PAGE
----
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Music Minus One: Poems epub download

by Jane Shore


Music Minus One book. Jane Shore transfigures the emotional dimensions of her childhood into her own motherhood, life in Vermont, and a moving elegy for her mother.

Music Minus One book. These poems are striking for their jazzy melancholy and their structural ambition.

Jane Shore’s collection Music Minus One is a wonderfully crafted collection of poetry that almost reads like an. .

Jane Shore’s collection Music Minus One is a wonderfully crafted collection of poetry that almost reads like an autobiography. The collection moves from Shore’s early life, through her adolescence, and into her adult life. Everything from learning to read to motherhood to the loss of her mother is recounted throughout this collection. I grew up down the street from Jane Shore and went to school with her, however, after reading her poems I realize that I never really knew her. "Music Minus One" opened up a flood of nostalgic memories for me of Jane, her parents, Bergenline Av. the plane that crashed into the apartment house a block from where I grew up, and being Jewish in the 1950's.

That Said: New and Selected Poems by. Jane Shore.

Music minus one : poems. by. Shore, Jane, 1947-. Jane Shore's father played the saxophone with the Big Bands of the thirties and forties and figures prominently in this book. With the more intimate music of family life, the author transfigures the emotional dimensions of her childhood into the experience of her own motherhood, life in Vermont, and a memorable elegy for her mother, Essie. These poems are striking for their jazzy melancholy, structural ambition, and their creation of an autobiography in verse"-Page 4 of cover.

Music Minus One, a finalist for the 1996 National Book Critic Circle Award The poems seem a vivid refusal of desolation, though there is no reluctance i.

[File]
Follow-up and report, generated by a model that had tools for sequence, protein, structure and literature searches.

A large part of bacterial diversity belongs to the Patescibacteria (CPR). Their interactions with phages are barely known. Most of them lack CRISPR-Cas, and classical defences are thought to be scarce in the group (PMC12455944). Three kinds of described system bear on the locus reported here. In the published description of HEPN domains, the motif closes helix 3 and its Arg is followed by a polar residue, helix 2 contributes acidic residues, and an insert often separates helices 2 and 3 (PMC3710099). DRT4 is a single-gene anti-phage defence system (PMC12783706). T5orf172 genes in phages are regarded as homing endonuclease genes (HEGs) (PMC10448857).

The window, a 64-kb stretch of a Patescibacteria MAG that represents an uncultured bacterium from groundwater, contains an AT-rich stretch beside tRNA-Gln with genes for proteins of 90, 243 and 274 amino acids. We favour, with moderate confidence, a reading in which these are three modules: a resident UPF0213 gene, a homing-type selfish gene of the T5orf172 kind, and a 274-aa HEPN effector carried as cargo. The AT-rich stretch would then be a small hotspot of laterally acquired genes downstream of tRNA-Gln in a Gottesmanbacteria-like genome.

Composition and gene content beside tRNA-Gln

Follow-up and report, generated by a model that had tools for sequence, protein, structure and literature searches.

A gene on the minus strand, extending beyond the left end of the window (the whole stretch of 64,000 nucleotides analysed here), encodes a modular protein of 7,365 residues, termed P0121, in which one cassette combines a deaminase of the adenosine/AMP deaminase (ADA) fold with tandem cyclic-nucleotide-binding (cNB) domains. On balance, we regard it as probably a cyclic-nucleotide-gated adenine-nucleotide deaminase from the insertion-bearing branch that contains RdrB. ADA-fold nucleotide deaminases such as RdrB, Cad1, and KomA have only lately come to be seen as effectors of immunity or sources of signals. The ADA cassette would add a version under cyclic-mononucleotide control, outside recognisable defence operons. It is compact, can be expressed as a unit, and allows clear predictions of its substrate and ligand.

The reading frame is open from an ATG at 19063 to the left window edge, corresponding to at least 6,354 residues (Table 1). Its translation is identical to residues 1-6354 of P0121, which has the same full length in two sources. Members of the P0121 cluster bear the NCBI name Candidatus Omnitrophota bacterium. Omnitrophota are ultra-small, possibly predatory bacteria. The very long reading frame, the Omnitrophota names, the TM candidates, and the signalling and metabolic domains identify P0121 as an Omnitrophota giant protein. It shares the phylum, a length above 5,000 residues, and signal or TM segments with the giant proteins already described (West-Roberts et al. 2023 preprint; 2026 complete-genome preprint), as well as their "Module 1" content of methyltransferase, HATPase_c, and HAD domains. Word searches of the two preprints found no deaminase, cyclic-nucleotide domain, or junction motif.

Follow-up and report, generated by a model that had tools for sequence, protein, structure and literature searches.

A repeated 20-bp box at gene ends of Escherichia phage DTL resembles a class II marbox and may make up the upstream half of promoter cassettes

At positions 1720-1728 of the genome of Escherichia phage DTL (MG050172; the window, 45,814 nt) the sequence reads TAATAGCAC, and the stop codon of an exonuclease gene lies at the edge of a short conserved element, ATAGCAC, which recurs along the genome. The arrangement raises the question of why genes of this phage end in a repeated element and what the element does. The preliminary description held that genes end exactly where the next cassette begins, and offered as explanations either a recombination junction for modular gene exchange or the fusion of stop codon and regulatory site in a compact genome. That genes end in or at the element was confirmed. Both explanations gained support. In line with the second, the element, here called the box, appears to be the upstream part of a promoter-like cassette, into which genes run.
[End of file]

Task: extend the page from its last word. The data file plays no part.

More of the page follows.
Music Minus One, a finalist for the 1996 National Book Critic Circle Award. 1991 Guggenheim Fellowship. two grants from the . Put another way, there is in the poetry of Jane Shore, a freshness of outlook, even when the dominant instinct is retrospective.

Shore writes poems that are "memorabilia; they cultivate the .

In Publishers Weekly, a correspondent deemed Music Minus One "a virtuoso performance" in which the poet "captures the nuances of an intense childhood lived as if every decision will be crucial for the lives around he.

Jane Shore is an American poet.

Jane Shore is an American poet. Eye Level, winner of the 1977 Juniper Prize The Minute Hand, awarded the 1986 Lamont Poetry Prize Music Minus One, a finalist for the 1996 National Book Critic Circle Award 1991 Guggenheim Fellowship two grants from the National Education Association fellow in poetry at the Mary Ingraham Bunting Institute Alfred Hodder Fellow at Princeton University Goodyear Fellow at the Foxcroft School in Virginia. Happy Family: Poems by Jane Shore (1999-08-23).

From the Music Minus One Catalogue. Sunday afternoons, my father practiced flute in the family room. He warmed up, playing scales while my mother worked the crossword puzzle in her wing chair, like a throne. Three o'clock and she was still wearing her nightgown and slippers. Our store downstairs was closed. She was sick of looking at dresses all week. Sunday was her day of rest. I sprawled on the floor with my homework. Each in our little orbit.

JANE SHORE is the author of five previous books of poems, including Music Minus One, a National Book Critics Circle Award finalist. She teaches at George Washington University and lives in the District of Columbia with her husband, Howard Norman. Библиографические данные. That Said: New and Selected Poems.

An autobiographical collection of poetry begins in 1950s New Jersey in the author's hometown and covers such topics as her father's musical talent and playing, childhood, motherhood, life in Vermont, and her mother's death

Music Minus One: Poems epub download

ISBN13: 978-0312146863

ISBN: 0312146868

Author: Jane Shore

Category: Literature and Fiction

Subcategory: Poetry

Language: English

Publisher: Picador USA; 1st Picador USA ed edition (September 1, 1996)

Pages: 107 pages

ePUB size: 1512 kb

FB2 size: 1646 kb

Rating: 4.6

Votes: 509

Other Formats: mbr docx azw lrf

Related to Music Minus One: Poems ePub books

Vivaral
A newspaper review quoted on this website says, regarding Jane Shore's "Music Minus One", that "at times, the 'prosy' nature of her stories leads the reader to wonder why she's arranged her work into verses --- prose poems might have been more suitable".

I couldn't agree more. I was drawn to the book by an interesting premise --- a memoir in poetry about the writer's experiences of childhood in the '50s and motherhood, complete with elegies to parents, etc. This idea was extremely appealing to me. But I soon saw the flaws mentioned in the review I've just mentioned --- while Shore's vignettes are compelling, and sometimes moving, there is an irritating 'prosiness' about her poems --- the sense that she just took prose fragments and broke them into stanzas.

Here are some examples of what I mean: